For years we have strategized to help Charlie overcome his anxiety about my parents' visits. We've tried social stories of the 'old-fashioned' pictures-on-laminated-paper sort and of the more new-fangled iPad sort, with photos and recorded voices. We've tried 'first-then' sorts of explanations (with photos). We tried not telling Charlie till the last possible moment. We tried telling Charlie two weeks in advance (resulting in instant anxiety as he made the conclusion, if we were telling him my parents would be visiting, they must be showing up immediately -- as in, right the next second).
I had made Charlie a calendar to show him how many days he'd have off from school after the October 29 snowstorm and due to the NJEA teachers' conference, I had added space for my parents' visit and the Thanksgiving holidays. I've showed him the calendar a very few times and Charlie has left it on the floor, his preferred place to leave important things. After a mention of my parents stoked a fairly big bout of Charlie-anxiety last Monday, we haven't brought it up.
Saturday morning, waiting for me to take the bikes out of the shed, Charlie said 'PoPo' -- Cantonese for 'maternal grandmother' -- over and over. Loudly, and while looking at me fixedly. I repeated 'PoPo' a few times back, without adding any words or information. I also anticipated Charlie saying 'PoPo' for a good hour but he stopped as he got the bike helmets and yellow jackets and put his iPad in the car.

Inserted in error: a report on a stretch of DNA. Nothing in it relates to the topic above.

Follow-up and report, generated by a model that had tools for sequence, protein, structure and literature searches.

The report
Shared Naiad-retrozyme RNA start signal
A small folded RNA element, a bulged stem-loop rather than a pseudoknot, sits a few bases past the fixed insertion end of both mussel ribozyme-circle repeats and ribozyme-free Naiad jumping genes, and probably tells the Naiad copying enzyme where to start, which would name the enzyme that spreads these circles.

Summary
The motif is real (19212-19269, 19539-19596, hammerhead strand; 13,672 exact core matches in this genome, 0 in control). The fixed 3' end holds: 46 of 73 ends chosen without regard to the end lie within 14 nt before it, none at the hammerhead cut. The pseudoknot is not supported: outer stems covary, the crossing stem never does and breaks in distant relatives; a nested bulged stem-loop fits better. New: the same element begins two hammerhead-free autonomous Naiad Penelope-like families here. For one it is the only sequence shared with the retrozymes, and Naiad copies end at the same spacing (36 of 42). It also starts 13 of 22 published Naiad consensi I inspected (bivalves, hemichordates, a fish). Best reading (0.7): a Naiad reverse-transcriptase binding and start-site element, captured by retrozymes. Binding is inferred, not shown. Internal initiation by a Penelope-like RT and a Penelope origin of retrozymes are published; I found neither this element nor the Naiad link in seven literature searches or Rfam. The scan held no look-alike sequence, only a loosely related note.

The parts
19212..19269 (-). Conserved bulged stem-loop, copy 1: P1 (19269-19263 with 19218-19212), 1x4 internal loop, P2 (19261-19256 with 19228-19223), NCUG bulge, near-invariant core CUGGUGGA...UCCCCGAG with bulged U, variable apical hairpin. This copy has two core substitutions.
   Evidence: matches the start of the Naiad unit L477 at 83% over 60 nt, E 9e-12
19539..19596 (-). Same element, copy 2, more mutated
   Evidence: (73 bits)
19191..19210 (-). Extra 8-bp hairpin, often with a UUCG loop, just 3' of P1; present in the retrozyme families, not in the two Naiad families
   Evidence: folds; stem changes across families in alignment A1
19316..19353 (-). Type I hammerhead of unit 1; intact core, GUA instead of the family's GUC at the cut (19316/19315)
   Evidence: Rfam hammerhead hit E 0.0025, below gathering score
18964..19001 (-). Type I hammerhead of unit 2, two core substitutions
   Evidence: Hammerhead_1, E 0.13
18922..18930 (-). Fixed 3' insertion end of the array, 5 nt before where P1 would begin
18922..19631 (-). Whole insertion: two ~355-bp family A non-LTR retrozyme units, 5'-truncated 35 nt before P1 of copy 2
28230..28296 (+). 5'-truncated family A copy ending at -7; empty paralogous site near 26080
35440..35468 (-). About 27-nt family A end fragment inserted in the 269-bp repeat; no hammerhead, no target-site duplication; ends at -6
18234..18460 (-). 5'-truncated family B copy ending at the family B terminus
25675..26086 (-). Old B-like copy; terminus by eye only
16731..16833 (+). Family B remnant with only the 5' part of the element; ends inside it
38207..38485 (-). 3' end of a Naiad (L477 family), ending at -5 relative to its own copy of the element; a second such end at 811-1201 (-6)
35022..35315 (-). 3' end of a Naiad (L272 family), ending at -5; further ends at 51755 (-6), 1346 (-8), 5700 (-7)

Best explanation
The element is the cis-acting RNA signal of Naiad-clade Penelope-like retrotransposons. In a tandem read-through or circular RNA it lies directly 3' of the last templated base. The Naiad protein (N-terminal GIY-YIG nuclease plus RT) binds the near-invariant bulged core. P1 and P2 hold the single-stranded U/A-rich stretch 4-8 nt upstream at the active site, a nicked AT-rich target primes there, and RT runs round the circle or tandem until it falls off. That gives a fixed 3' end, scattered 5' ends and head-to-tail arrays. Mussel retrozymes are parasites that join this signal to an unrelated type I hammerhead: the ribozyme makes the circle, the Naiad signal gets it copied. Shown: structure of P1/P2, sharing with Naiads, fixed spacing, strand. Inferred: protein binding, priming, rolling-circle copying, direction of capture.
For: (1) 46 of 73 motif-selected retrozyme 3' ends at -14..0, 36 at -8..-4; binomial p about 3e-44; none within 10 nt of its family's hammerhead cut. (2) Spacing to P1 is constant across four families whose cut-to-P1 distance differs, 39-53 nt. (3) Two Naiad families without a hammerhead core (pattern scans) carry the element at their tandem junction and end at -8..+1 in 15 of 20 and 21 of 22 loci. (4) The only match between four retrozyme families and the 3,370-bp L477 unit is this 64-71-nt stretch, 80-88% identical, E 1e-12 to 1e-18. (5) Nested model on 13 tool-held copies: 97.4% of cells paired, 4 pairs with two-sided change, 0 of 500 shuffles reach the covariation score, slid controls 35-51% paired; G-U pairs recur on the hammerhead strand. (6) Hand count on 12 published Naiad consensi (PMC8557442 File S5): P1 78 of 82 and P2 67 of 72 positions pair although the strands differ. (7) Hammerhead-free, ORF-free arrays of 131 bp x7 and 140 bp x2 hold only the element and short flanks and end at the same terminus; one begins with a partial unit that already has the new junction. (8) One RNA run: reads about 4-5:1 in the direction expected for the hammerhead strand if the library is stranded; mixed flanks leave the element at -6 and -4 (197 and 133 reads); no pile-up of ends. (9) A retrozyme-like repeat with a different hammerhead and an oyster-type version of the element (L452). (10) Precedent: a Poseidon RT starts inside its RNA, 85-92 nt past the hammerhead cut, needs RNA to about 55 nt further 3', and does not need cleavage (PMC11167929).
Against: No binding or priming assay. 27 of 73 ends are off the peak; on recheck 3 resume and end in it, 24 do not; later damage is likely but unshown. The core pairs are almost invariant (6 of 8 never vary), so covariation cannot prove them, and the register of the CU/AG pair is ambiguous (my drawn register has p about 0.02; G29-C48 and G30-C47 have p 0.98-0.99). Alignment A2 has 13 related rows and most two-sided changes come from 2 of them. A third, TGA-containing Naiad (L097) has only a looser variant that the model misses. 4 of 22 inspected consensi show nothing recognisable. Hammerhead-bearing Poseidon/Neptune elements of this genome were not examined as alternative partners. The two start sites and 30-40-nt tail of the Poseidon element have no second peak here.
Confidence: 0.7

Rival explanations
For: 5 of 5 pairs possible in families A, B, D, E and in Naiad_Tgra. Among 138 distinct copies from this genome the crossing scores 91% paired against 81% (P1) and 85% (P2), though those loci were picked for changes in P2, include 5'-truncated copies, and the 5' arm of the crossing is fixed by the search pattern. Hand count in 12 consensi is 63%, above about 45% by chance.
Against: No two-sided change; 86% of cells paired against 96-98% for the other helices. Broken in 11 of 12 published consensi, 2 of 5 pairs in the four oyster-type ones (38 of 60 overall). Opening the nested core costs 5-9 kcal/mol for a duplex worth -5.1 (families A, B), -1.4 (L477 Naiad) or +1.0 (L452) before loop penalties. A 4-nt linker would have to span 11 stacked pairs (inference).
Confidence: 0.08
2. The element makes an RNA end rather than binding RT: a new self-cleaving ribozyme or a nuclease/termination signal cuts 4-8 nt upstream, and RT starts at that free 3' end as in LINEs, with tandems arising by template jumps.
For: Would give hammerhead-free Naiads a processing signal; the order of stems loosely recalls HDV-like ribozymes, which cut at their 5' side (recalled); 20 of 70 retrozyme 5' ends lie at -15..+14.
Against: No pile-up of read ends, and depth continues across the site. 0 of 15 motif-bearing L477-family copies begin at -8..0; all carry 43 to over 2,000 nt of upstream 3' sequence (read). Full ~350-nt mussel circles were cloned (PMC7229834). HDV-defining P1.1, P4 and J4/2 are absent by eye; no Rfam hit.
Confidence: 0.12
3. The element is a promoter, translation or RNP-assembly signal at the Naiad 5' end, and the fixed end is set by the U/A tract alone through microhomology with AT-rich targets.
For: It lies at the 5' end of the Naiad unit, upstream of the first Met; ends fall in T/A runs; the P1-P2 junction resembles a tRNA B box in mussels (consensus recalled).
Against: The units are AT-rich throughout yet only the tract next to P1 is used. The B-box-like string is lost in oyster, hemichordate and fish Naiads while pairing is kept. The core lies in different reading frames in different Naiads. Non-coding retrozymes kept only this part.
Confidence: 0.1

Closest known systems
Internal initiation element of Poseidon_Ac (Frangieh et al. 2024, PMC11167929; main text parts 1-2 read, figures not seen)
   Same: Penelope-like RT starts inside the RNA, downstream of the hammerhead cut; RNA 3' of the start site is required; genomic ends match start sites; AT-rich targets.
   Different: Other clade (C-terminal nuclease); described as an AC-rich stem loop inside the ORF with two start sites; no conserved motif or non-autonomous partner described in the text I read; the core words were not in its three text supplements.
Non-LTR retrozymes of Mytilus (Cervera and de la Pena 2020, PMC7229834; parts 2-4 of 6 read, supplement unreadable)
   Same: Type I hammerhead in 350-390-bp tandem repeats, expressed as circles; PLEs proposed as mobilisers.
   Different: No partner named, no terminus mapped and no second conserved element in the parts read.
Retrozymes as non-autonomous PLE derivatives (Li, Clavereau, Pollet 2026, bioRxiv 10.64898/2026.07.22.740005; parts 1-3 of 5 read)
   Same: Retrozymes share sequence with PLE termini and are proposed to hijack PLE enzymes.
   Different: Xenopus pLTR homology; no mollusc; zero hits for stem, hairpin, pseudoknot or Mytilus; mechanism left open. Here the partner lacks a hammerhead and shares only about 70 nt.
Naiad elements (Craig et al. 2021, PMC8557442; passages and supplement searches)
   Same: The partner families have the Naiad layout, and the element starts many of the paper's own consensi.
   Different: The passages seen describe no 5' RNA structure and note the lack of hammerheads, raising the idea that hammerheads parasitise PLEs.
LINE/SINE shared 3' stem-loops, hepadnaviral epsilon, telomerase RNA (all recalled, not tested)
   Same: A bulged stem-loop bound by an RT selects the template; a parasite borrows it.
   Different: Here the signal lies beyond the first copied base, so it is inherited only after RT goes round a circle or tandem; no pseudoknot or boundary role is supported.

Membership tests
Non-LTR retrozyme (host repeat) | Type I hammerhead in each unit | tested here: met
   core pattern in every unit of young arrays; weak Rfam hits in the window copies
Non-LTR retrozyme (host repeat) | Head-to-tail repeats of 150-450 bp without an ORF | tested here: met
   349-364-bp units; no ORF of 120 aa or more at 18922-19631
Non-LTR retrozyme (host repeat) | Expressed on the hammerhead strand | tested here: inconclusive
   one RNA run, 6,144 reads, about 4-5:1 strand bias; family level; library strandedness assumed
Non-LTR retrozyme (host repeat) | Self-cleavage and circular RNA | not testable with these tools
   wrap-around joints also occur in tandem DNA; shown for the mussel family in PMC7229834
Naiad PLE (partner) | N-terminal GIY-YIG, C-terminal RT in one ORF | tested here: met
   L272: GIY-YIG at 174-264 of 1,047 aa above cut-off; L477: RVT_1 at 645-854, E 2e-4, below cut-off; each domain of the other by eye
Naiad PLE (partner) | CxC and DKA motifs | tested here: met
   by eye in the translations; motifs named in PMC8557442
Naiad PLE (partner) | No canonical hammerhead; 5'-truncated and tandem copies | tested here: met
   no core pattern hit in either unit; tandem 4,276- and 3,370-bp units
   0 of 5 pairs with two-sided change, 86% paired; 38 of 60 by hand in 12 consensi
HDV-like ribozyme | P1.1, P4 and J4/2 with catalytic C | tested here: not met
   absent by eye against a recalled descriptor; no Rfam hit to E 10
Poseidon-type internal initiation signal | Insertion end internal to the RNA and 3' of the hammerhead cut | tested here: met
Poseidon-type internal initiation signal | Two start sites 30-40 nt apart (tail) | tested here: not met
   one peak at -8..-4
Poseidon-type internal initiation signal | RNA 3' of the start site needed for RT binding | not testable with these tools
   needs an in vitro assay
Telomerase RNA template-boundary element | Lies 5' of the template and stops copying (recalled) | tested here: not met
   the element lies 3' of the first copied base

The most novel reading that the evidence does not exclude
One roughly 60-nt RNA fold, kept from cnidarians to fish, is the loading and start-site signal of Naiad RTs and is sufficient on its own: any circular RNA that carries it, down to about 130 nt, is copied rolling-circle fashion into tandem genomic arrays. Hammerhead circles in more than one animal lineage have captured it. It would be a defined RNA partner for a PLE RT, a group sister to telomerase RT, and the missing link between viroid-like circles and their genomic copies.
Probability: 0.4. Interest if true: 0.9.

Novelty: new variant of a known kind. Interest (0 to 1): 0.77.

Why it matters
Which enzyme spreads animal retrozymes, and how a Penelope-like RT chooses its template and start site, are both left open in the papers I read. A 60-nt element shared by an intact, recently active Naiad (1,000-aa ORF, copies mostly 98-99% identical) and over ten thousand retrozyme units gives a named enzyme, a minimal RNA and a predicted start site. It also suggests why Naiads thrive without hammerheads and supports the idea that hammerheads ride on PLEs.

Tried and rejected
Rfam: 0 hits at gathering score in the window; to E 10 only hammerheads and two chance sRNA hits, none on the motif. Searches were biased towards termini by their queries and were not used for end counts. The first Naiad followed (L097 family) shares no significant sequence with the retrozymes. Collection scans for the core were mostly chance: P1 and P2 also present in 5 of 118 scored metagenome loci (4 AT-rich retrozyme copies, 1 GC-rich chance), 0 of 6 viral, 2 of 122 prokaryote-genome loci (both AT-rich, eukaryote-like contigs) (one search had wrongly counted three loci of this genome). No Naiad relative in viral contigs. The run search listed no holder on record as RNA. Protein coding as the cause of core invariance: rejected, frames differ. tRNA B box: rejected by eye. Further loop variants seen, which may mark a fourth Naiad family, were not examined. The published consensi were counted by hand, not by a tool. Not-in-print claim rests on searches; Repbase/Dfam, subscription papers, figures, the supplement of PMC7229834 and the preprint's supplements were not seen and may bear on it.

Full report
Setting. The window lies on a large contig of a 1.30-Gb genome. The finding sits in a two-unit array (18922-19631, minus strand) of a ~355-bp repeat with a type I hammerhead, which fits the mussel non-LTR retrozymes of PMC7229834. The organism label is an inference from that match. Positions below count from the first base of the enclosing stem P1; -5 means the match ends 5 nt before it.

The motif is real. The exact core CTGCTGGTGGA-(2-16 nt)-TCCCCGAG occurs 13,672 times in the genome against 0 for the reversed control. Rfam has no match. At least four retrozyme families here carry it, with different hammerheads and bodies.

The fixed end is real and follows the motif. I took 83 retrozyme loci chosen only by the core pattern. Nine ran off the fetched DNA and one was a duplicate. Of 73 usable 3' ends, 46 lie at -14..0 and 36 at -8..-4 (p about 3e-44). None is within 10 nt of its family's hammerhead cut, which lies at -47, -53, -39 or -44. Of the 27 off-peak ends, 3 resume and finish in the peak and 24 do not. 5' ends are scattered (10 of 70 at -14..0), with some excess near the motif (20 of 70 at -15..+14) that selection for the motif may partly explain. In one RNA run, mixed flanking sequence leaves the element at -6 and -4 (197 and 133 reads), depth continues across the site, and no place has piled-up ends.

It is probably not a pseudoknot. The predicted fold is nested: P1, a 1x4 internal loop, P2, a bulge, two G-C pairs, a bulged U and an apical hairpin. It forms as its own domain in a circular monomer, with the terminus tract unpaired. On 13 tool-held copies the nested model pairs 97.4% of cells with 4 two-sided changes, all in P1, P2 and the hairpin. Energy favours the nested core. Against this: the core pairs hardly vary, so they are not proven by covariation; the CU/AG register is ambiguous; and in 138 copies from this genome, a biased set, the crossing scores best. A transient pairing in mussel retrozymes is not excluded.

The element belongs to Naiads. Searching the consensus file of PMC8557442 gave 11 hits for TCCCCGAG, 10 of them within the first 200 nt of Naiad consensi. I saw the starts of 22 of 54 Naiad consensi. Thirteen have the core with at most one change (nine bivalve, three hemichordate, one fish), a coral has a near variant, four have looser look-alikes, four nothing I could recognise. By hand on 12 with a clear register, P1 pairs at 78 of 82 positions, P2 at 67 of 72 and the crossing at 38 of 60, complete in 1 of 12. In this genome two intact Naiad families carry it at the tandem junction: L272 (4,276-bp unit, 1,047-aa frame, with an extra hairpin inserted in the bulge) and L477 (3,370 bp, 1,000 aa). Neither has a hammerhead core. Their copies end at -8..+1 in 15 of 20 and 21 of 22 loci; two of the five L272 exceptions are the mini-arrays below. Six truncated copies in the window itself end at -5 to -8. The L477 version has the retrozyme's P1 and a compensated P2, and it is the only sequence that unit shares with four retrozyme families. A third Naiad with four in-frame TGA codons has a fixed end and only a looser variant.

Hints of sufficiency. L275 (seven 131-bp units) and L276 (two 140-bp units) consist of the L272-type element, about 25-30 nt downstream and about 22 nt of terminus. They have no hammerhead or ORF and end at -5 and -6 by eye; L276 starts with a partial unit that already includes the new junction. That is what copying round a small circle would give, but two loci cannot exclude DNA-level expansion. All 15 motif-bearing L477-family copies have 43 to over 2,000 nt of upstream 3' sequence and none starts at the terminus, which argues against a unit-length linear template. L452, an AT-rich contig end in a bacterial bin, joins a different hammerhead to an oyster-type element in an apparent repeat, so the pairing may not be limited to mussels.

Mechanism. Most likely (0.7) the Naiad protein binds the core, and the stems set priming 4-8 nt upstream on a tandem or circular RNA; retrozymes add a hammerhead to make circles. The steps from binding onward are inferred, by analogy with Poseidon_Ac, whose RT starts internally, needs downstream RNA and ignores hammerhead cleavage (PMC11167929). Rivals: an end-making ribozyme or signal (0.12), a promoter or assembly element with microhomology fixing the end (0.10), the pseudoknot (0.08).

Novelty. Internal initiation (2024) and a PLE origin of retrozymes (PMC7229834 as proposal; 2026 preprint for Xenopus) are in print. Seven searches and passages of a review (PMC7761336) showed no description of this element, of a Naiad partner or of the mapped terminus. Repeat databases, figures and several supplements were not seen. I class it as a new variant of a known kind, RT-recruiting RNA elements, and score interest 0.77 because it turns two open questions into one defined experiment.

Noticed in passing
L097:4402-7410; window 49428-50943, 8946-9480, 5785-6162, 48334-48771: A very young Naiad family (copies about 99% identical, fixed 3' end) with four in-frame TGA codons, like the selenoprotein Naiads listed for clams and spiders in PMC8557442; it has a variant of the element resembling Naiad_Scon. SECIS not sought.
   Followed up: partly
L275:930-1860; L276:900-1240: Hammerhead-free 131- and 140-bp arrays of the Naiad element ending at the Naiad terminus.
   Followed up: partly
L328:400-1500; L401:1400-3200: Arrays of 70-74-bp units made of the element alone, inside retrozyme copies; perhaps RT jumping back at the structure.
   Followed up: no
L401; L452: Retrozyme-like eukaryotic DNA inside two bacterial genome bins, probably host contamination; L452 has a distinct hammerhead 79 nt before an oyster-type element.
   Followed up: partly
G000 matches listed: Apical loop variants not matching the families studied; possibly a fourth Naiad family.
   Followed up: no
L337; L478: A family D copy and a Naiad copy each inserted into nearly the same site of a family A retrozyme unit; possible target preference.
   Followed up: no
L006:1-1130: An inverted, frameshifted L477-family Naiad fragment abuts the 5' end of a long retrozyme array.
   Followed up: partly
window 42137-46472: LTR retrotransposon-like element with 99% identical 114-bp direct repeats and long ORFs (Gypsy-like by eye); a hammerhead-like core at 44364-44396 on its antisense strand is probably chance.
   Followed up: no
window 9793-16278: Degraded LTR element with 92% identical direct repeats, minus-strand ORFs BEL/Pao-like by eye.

It was later in the afternoon, after a crisp 11 miles on the bike path, a very hefty lunch and a nap that Charlie stood in the living room and said, 'GongGong PoPo coming soon.' Jim and I said a mild 'yeah' and Charlie got his iPad and turned it on.
He didn't mention my mom and dad for the rest of the evening. Which is not to say, that he is not thinking of them.
Charlie does have a strong memory that is most likely photographic: Once he knows what's going on, he knows it and why belabor a point already clearly stated. Perhaps, having once proclaimed the facts, that's quite sufficient for him -- no need for us to keep reminding him, in language or repeated readings of social stories that may well have been more for our benefit than they ever were for his.